Accelerator pump cams and nozzles determine what you will have for throttle response. Cams are available in a variety of ramp rates, which are identified by color. Accelerator pump cavity/diaphragm sizing is yet another consideration. Power valves always stump performance buffs. However, they’re not hard to understand. If you have strictly a primary metering block you will have one power valve. If you have primary and secondary metering blocks you will likely have two power valves.
Power valves are rated at inches of intake manifold vacuum. Choice depends upon when you want the power valve to operate. Selection depends on where your engine lives rpm wise. Never fall into the mistake notion you don’t need a power valve. Most applications, without exception, must have a power valve. Power valve selection depends on what intake manifold vacuum is at idle. Most street engines idle with 12-22-inches of manifold vacuum. This means you will want, on average, a 6.5 power valve. You will want 50-percent of your engine’s idle speed manifold vacuum. Then, road test and see what the result is.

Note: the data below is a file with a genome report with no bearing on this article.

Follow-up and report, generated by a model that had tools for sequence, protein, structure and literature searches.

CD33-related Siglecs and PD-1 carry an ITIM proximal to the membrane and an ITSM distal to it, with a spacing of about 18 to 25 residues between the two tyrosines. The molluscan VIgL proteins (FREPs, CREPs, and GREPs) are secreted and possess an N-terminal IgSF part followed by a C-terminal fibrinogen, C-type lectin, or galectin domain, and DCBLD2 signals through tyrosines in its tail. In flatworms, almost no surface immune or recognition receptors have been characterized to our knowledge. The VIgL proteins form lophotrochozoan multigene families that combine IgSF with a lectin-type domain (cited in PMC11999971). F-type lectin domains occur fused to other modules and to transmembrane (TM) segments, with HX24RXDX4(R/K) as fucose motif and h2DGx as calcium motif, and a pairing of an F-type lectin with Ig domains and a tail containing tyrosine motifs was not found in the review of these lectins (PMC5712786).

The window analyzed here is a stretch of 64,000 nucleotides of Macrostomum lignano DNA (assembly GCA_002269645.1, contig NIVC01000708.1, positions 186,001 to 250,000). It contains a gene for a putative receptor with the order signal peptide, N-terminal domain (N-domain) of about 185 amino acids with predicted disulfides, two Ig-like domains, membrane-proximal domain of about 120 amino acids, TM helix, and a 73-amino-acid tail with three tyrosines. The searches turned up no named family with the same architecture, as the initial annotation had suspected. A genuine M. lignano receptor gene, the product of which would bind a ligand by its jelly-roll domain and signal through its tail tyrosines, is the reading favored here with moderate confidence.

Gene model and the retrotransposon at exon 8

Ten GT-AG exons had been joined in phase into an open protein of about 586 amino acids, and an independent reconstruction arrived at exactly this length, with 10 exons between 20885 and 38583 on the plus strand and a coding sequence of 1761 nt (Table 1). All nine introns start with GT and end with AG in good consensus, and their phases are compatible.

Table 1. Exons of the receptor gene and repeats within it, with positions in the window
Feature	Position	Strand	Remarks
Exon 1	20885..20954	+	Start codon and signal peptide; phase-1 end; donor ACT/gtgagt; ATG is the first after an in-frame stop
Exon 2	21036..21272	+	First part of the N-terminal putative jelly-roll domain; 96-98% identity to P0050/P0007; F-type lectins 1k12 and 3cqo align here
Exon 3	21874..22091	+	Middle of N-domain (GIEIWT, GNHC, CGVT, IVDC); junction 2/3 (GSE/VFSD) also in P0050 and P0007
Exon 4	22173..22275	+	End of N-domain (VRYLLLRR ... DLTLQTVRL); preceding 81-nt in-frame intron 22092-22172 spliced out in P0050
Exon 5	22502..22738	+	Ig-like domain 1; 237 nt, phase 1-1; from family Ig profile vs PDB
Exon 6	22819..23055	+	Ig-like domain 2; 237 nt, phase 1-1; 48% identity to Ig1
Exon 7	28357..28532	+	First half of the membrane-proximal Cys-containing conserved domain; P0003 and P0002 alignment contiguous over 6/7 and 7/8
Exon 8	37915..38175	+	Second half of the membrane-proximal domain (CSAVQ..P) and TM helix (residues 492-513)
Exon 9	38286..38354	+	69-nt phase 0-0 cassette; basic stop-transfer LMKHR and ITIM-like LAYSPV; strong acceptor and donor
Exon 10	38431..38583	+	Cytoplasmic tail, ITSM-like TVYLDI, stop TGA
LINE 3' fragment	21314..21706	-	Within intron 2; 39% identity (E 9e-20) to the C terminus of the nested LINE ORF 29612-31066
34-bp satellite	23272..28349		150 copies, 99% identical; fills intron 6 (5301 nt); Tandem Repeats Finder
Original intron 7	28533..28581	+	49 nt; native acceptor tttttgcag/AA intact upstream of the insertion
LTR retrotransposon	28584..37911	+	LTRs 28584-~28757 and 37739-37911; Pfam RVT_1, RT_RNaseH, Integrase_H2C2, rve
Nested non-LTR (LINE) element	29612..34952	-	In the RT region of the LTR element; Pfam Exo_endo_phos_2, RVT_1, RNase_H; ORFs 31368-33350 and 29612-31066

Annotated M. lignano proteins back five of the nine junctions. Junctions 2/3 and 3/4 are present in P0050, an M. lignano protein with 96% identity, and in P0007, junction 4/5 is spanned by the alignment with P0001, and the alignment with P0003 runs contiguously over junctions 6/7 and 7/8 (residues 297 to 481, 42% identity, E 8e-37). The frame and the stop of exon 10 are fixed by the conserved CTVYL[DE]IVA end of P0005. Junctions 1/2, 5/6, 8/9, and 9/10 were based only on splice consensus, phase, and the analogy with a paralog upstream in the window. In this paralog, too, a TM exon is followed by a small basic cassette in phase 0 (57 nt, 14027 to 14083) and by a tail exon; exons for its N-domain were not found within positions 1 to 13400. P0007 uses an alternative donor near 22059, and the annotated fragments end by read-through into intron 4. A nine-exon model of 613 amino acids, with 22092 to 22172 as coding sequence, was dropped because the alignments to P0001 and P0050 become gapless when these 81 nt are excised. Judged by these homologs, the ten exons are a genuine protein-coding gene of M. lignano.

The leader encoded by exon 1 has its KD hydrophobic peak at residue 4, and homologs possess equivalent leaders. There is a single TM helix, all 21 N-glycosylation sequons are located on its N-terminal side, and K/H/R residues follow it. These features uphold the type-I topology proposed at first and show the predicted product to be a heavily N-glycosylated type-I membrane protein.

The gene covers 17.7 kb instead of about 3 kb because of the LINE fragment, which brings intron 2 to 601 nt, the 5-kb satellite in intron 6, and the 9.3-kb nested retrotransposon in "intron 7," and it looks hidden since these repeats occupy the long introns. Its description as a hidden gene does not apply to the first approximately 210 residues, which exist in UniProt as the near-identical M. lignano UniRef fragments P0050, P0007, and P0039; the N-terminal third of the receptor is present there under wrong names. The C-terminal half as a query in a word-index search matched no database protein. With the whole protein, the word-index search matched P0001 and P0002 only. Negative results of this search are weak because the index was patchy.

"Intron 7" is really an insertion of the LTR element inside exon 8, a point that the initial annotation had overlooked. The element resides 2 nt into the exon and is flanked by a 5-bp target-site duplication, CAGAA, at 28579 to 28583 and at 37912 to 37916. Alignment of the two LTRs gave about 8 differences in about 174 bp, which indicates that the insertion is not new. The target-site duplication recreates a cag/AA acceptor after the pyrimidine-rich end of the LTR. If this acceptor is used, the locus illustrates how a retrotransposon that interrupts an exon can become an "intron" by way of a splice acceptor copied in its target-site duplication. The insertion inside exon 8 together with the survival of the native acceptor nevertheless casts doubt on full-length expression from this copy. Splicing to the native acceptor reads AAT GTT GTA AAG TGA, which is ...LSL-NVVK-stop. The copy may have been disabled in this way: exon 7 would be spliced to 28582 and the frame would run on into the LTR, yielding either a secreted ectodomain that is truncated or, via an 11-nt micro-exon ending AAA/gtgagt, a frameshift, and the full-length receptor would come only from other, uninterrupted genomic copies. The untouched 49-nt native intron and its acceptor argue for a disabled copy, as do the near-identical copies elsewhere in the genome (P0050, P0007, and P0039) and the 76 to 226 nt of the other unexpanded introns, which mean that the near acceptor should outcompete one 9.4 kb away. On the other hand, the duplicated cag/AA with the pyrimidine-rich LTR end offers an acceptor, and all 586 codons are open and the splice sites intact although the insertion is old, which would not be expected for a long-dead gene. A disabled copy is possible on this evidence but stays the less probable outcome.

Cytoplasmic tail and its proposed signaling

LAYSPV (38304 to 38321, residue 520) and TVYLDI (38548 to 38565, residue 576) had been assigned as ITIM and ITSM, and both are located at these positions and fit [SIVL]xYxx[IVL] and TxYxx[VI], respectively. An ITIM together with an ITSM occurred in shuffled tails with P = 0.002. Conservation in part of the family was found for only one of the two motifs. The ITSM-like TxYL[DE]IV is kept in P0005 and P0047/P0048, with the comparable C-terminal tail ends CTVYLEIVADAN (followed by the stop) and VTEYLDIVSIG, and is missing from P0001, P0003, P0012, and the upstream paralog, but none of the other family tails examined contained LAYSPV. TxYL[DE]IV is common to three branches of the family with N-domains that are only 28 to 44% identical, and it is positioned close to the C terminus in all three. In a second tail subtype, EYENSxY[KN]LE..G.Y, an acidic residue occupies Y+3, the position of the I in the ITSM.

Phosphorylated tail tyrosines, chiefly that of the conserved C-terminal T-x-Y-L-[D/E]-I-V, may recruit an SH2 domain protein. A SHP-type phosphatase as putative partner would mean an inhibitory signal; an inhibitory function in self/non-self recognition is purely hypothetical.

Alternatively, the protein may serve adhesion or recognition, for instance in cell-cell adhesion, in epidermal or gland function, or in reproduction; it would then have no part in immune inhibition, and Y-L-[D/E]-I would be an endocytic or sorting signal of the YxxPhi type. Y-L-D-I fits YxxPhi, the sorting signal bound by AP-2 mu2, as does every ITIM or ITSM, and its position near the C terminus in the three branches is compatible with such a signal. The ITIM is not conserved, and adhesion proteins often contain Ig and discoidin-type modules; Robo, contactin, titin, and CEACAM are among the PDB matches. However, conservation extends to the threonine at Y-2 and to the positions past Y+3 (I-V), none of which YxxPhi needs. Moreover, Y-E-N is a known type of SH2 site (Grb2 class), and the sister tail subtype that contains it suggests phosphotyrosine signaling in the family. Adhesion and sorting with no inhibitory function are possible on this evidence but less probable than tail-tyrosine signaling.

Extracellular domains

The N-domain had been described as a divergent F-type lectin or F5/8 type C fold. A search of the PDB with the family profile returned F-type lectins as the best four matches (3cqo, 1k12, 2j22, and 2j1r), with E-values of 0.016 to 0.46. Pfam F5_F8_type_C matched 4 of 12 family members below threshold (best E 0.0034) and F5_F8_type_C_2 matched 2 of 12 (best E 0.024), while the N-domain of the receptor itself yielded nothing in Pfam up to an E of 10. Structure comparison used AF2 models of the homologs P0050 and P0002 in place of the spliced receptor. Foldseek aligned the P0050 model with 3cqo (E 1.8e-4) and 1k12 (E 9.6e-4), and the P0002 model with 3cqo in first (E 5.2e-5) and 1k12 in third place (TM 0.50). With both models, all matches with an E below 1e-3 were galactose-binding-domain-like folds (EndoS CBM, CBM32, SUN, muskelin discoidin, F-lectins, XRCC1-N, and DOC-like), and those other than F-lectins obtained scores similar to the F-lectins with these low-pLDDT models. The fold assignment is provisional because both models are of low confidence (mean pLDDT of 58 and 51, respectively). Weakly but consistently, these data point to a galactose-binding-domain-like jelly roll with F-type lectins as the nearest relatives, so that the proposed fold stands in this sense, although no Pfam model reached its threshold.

Proform believes an educated consumer is its best marketing tool. Performance enthusiasts do their homework in the forums, at the cruising spots, on the racetrack, and online. Word of mouth either sells the product or leads to its doom. This is why Proform doesn’t cut corners in its research and development efforts. By the time a carburetor makes it to market extensive research has been performed on cars and in dyno rooms. By the time it lands on top of your engine you can be confident it is right.
To see the complete line of the new Race and Street Series carburetors, visit the Proform Parts website, and be sure to check with its knowledgeable staff to make sure you get the right carburetor for your application.